immune-mediated adverse reactions.

In patients with a history of allogeneic HSCT, acute GVHD (including
fatal GVHD), has been reported after treatment with KEYTRUDA. Patients
who experienced GVHD after their transplant procedure may be at
increased risk for GVHD after KEYTRUDA. Consider the benefit of KEYTRUDA
vs the risk of GVHD in these patients.

Increased Mortality in Patients with Multiple Myeloma

In clinical trials in patients with multiple myeloma, the addition of
KEYTRUDA to a thalidomide analogue plus dexamethasone resulted in
increased mortality. Treatment of these patients with a PD-1 or PD-L1
blocking antibody in this combination is not recommended outside of
controlled clinical trials.

Embryofetal Toxicity

Based on its mechanism of action, KEYTRUDA can cause fetal harm when
administered to a pregnant woman. If used during pregnancy, or if the
patient becomes pregnant during treatment, apprise the patient of the
potential hazard to a fetus. Advise females of reproductive potential to
use highly effective contraception during treatment and for 4 months
after the last dose of KEYTRUDA.

Adverse Reactions

In KEYNOTE-189, when KEYTRUDA was administered with pemetrexed and
platinum chemotherapy in metastatic nonsquamous NSCLC, KEYTRUDA was
discontinued due to adverse reactions in 20% of 405 patients. The most
common adverse reactions resulting in permanent discontinuation of
KEYTRUDA were pneumonitis (3%) and acute kidney injury (2%). The most
common adverse reactions (≥20%) with KEYTRUDA were nausea (56%), fatigue
(56%), constipation (35%), diarrhea (31%), decreased appetite (28%),
rash (25%), vomiting (24%), cough (21%), dyspnea (21%), and pyrexia
(20%).

In KEYNOTE-010, KEYTRUDA monotherapy was discontinued due to adverse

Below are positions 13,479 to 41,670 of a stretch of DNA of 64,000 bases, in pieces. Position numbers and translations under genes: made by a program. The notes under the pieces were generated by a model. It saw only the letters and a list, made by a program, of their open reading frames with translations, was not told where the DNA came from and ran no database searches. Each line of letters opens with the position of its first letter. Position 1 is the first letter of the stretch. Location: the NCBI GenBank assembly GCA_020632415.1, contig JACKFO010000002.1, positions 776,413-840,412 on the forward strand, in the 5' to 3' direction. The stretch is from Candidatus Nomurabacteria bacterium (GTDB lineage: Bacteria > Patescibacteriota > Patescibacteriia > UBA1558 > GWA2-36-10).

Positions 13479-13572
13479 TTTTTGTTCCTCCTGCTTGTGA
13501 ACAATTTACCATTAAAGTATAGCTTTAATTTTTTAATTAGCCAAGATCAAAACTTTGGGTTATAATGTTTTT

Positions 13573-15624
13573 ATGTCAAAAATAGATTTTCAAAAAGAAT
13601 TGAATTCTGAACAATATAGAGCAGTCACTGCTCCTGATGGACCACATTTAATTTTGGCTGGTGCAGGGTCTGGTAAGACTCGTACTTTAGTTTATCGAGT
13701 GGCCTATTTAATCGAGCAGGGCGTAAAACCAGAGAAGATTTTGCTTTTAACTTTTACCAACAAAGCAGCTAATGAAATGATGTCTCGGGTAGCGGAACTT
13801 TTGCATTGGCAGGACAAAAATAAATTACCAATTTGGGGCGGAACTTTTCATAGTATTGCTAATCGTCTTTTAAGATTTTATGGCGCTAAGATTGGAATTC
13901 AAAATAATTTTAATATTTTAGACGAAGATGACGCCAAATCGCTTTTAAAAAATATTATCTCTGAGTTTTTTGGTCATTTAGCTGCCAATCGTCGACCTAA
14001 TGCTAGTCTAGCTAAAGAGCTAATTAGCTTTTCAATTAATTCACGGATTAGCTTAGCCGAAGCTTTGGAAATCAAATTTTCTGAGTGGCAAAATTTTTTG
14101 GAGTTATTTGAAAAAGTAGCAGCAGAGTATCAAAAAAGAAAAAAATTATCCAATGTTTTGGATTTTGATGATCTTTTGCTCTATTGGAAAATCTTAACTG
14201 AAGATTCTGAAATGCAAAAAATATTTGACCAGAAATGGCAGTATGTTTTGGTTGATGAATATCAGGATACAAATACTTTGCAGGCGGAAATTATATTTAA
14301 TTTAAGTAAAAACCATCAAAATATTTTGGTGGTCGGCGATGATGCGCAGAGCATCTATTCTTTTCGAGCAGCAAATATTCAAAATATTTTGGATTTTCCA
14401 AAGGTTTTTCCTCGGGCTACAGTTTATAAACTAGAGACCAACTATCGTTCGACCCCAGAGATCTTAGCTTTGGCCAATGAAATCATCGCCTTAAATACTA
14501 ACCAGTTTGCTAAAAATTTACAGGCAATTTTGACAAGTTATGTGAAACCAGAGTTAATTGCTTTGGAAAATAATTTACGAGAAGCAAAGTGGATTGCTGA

reactions in 8% of 682 patients with metastatic NSCLC. The most common
adverse event resulting in permanent discontinuation of KEYTRUDA was
pneumonitis (1.8%). The most common adverse reactions (≥20%) were
decreased appetite (25%), fatigue (25%), dyspnea (23%), and nausea (20%).

In KEYNOTE-006, KEYTRUDA was discontinued due to adverse reactions in 9%
of 555 patients with advanced melanoma; adverse reactions leading to
permanent discontinuation in more than one patient were colitis (1.4%),
autoimmune hepatitis (0.7%), allergic reaction (0.4%), polyneuropathy
(0.4%), and cardiac failure (0.4%). The most common adverse reactions
(≥20%) with KEYTRUDA were fatigue (28%), diarrhea (26%), rash (24%), and
nausea (21%).

In KEYNOTE-012, KEYTRUDA was discontinued due to adverse reactions in
17% of 192 patients with HNSCC. Serious adverse reactions occurred in
45% of patients. The most frequent serious adverse reactions reported in
at least 2% of patients were pneumonia, dyspnea, confusional state,
vomiting, pleural effusion, and respiratory failure. The most common
adverse reactions (≥20%) were fatigue, decreased appetite, and dyspnea.
Adverse reactions occurring in patients with HNSCC were generally
similar to those occurring in patients with melanoma or NSCLC, with the
exception of increased incidences of facial edema and new or worsening
hypothyroidism.

In KEYNOTE-087, KEYTRUDA was discontinued due to adverse reactions in 5%
of 210 patients with cHL. Serious adverse reactions occurred in 16% of
patients; those ≥1% included pneumonia, pneumonitis, pyrexia, dyspnea,
GVHD, and herpes zoster. Two patients died from causes other than
disease progression; one from GVHD after subsequent allogeneic HSCT and
one from septic shock. The most common adverse reactions (≥20%) were
fatigue (26%), pyrexia (24%), cough (24%), musculoskeletal pain (21%),
diarrhea (20%), and rash (20%).

In KEYNOTE-170, KEYTRUDA was discontinued due to adverse reactions in 8%
of 53 patients with PMBCL. Serious adverse reactions occurred in 26% of
patients and included arrhythmia (4%), cardiac tamponade (2%),
myocardial infarction (2%), pericardial effusion (2%), and pericarditis
(2%). Six (11%) patients died within 30 days of start of treatment. The
most common adverse reactions (≥20%) were musculoskeletal pain (30%),
upper respiratory tract infection and pyrexia (28% each), cough (26%),
fatigue (23%), and dyspnea (21%).

In KEYNOTE-052, KEYTRUDA was discontinued due to adverse reactions in
11% of 370 patients with locally advanced or metastatic urothelial
carcinoma. Serious adverse reactions occurred in 42% of patients; those
≥2% were urinary tract infection, hematuria, acute kidney injury,
pneumonia, and urosepsis. The most common adverse reactions (≥20%) were
fatigue (38%), musculoskeletal pain (24%), decreased appetite (22%),
constipation (21%), rash (21%), and diarrhea (20%).